Here are six "myths of the semiconductor industry," according to Malcolm Penn, founder and principal analyst with Future Horizons (Sevenoaks, England).
LONDON Here are six "myths of the semiconductor industry," according to Malcolm Penn, founder and principal analyst with Future Horizons (Sevenoaks, England).
By "myth" Penn positions these six items to be widely believed tenets of the industry that he asserts are not true. If you think he is wrong, right, or you have other "myths" to add to the list you are welcome to have your say in the forum below.
Myth #1 - The cycles are over
Many people will say that as electronics comes to address ever broader application, region and market diversity, the boom-bust cyclicality becomes evened out. Penn looks to the historical record and to the fact that semiconductor manufacturing decisions have to be made on longer time scales than the design and much longer time scales than the whims of the market and says "nuts!"
Myth #2 The market is mature
Many people see a decline in average annual growth and say the semiconductor market is maturing and the industry's growth days are behind it. Penn asks: "If that is so why bother with long-term research projects?" He sees erratic short- to medium-term demand and stable long-term demand at 11 percent unit growth per annum. It then becomes just a question of who makes money servicing that demand and how they will do it.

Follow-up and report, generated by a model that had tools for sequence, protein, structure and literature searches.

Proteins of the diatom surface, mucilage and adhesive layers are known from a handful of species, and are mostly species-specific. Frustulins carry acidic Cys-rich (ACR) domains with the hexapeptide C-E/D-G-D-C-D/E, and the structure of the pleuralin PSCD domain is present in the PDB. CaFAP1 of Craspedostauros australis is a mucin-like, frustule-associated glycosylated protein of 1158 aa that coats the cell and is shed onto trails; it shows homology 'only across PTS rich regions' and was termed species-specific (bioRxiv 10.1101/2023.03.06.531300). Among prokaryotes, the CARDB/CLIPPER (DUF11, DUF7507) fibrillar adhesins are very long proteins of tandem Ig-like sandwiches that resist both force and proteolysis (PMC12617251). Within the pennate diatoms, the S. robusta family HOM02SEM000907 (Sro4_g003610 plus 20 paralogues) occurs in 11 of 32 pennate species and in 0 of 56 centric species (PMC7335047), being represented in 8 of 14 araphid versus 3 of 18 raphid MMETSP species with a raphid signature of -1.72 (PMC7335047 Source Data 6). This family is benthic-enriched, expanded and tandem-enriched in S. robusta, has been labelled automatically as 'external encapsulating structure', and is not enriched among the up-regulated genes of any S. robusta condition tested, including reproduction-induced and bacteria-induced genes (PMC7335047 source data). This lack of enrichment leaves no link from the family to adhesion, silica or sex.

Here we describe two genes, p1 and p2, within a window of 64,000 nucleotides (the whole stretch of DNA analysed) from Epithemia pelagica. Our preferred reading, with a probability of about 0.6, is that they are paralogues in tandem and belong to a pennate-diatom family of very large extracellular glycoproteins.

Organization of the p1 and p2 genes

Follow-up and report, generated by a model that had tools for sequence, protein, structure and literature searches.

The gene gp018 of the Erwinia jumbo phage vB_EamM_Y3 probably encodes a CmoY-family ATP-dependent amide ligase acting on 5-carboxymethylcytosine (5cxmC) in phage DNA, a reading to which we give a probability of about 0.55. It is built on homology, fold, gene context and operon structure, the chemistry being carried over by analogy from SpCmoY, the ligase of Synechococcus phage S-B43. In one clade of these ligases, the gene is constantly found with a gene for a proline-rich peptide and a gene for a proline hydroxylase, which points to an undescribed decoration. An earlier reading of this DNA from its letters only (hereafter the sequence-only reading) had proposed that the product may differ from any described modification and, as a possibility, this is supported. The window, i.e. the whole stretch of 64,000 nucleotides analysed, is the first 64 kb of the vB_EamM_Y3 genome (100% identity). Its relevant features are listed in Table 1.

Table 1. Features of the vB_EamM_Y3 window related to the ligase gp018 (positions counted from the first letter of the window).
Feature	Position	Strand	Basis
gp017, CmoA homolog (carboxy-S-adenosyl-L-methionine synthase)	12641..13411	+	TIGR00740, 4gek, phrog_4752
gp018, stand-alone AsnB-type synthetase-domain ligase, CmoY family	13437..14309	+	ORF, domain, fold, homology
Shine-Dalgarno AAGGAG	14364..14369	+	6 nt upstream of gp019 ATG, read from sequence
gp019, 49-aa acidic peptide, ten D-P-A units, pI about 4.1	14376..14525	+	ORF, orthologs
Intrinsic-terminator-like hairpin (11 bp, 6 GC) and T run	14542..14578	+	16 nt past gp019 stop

Myth #3 ASPs will keep declining
Average selling prices (ASPs) cannot keep falling forever, says Penn, otherwise there would come a point where vendors would be paying customers to be allowed to supply them with chips. Individual IC prices decline as volumes increase but ASPs are pushed back up as companies introduce higher capacity or higher performing chips, with a price premium. Penn acknowledges that from 2002 until 2009 ASPs were under pressure for a number of reasons.
"There is NO historic precedent or economic justification for the assumption [that ASPs will keep on falling]. The markets self-correct," asserts Penn. He reckons that the tide turned in 3Q09 and has been rising for six quarters.